The British Cyclopaedia of the Arts, Sciences, History, Geography, Literature, Natural History, and Biography ...

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Charles Frederick Partington
Wm. S. Orr and Company, 1838 - Encyclopedias and dictionaries

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Page 122 - The other shape, If shape it might be called that shape had none Distinguishable in member, joint or limb; Or substance might be called that shadow seemed; For each seemed either; black it stood as night, Fierce as ten furies, terrible as Hell, And shook a dreadful dart; what seemed his head The likeness of a kingly crown had on...
Page 123 - The poetic genius of my country found me, as the prophetic bard Elijah did Elisha, at the plough, and threw her. inspiring mantle over me.
Page 164 - He formed them; and that these primitive particles, being solids, are incomparably harder than any porous bodies compounded of them, even so very hard as never to wear or break in pieces...
Page xliv - I tread upon. The other redeems it from all its insignificance ; for it tells me that in the leaves of every forest, and in the flowers of every garden, and in the waters of every rivulet, there are worlds teeming with life, and numberless as are the glories of the firmament.
Page xliv - ... and that could we draw aside the mysterious curtain which shrouds it from our senses, we might there see a theatre of as many wonders as astronomy has unfolded, a universe within the compass of a point so small, as to elude all the powers of the microscope, but where the wonder-working God finds room for the exercise of all his attributes, where he can raise another mechanism of worlds, and fill and animate them all with the evidences of his glory.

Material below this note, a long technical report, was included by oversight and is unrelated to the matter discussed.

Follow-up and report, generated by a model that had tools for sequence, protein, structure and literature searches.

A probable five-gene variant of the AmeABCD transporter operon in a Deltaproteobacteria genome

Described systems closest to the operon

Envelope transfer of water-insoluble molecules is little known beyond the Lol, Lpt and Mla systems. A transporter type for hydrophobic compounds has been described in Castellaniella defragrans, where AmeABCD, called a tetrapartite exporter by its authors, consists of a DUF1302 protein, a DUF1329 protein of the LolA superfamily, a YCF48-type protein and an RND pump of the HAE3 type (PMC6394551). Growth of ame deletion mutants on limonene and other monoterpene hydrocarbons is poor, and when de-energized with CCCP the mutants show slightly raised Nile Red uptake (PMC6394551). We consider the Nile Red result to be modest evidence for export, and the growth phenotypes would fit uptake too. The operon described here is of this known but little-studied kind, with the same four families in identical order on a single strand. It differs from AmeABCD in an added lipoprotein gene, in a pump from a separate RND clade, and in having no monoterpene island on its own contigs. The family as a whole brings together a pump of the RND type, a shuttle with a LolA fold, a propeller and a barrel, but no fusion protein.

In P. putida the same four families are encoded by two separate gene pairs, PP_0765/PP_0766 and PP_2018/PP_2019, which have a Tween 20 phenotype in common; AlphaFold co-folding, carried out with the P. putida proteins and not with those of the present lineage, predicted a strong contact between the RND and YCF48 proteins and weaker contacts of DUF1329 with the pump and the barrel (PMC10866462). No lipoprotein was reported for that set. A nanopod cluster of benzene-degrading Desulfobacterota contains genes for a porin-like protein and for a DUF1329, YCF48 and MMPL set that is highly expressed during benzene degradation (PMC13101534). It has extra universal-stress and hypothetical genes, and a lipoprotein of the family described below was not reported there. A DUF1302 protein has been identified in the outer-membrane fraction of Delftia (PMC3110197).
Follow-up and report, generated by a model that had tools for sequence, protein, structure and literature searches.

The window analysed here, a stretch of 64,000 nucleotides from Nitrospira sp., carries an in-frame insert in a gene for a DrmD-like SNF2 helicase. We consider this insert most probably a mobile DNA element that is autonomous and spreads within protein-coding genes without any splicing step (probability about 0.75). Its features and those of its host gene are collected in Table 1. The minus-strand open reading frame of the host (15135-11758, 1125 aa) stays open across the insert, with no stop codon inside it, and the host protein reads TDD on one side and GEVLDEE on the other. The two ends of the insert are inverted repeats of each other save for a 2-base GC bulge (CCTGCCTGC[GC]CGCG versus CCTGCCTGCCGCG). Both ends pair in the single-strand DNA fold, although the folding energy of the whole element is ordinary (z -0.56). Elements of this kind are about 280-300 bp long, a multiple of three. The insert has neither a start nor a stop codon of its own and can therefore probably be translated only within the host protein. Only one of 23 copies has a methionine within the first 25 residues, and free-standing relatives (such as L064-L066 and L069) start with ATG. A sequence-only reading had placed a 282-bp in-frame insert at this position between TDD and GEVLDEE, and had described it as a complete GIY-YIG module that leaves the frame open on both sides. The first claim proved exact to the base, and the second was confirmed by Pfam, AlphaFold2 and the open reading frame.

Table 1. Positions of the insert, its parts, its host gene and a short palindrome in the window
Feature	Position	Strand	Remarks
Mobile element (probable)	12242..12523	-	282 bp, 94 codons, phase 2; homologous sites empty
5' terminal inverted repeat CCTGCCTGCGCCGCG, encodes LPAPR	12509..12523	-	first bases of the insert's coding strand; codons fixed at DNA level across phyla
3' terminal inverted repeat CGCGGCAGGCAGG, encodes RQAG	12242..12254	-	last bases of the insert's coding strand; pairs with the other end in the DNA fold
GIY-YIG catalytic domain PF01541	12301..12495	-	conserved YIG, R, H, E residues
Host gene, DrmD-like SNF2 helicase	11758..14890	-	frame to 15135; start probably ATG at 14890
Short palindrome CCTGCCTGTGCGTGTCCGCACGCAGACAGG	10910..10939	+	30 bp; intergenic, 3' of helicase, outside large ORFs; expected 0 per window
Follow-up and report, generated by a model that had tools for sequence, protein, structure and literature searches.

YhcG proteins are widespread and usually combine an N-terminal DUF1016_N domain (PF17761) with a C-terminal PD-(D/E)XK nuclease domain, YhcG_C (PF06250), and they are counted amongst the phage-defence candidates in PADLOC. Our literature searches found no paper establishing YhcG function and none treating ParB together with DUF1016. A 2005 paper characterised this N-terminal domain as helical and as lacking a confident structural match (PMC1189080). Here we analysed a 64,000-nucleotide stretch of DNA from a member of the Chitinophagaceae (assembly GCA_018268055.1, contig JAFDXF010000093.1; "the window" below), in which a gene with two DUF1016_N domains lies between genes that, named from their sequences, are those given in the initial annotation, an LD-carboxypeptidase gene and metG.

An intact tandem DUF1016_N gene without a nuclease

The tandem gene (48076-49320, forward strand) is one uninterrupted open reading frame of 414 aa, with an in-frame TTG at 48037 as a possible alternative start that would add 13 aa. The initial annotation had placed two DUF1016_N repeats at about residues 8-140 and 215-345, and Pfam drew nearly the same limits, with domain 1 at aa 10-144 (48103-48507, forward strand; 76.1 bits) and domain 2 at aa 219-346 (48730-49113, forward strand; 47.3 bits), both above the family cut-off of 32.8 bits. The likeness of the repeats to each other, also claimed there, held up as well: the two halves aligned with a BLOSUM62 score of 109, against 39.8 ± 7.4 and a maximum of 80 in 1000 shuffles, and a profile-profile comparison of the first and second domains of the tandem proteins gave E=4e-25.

Page 88 - Naples, at the end of the 17th and beginning of the 18th centuries, the history of which, however, is obscure.
Page 224 - ... the sides smooth previous to putting in the pipe. This chisel is attached to rods and to the handle, as before described, and in its descent the workmen continually walk round, by which the hole is made smooth and cylindrical.
Page 225 - Brails is likewise a name given to all the ropes employed to haul up the bottoms, lower corners and skirts of the great sails in general. The operation of drawing them together is called brailmg them up, or hauling them up to the brails.
Page 151 - I have seen double and treble nebulae variously arranged; large ones with small, seeming attendants ; narrow, but much extended lucid nebulae or bright dashes; some of the shape of a fan, resembling an electric brush issuing from a lucid point; others of the cometic shape, with a seeming nucleus in the centre, or like cloudy stars surrounded with a nebulous atmosphere. A different sort, again...

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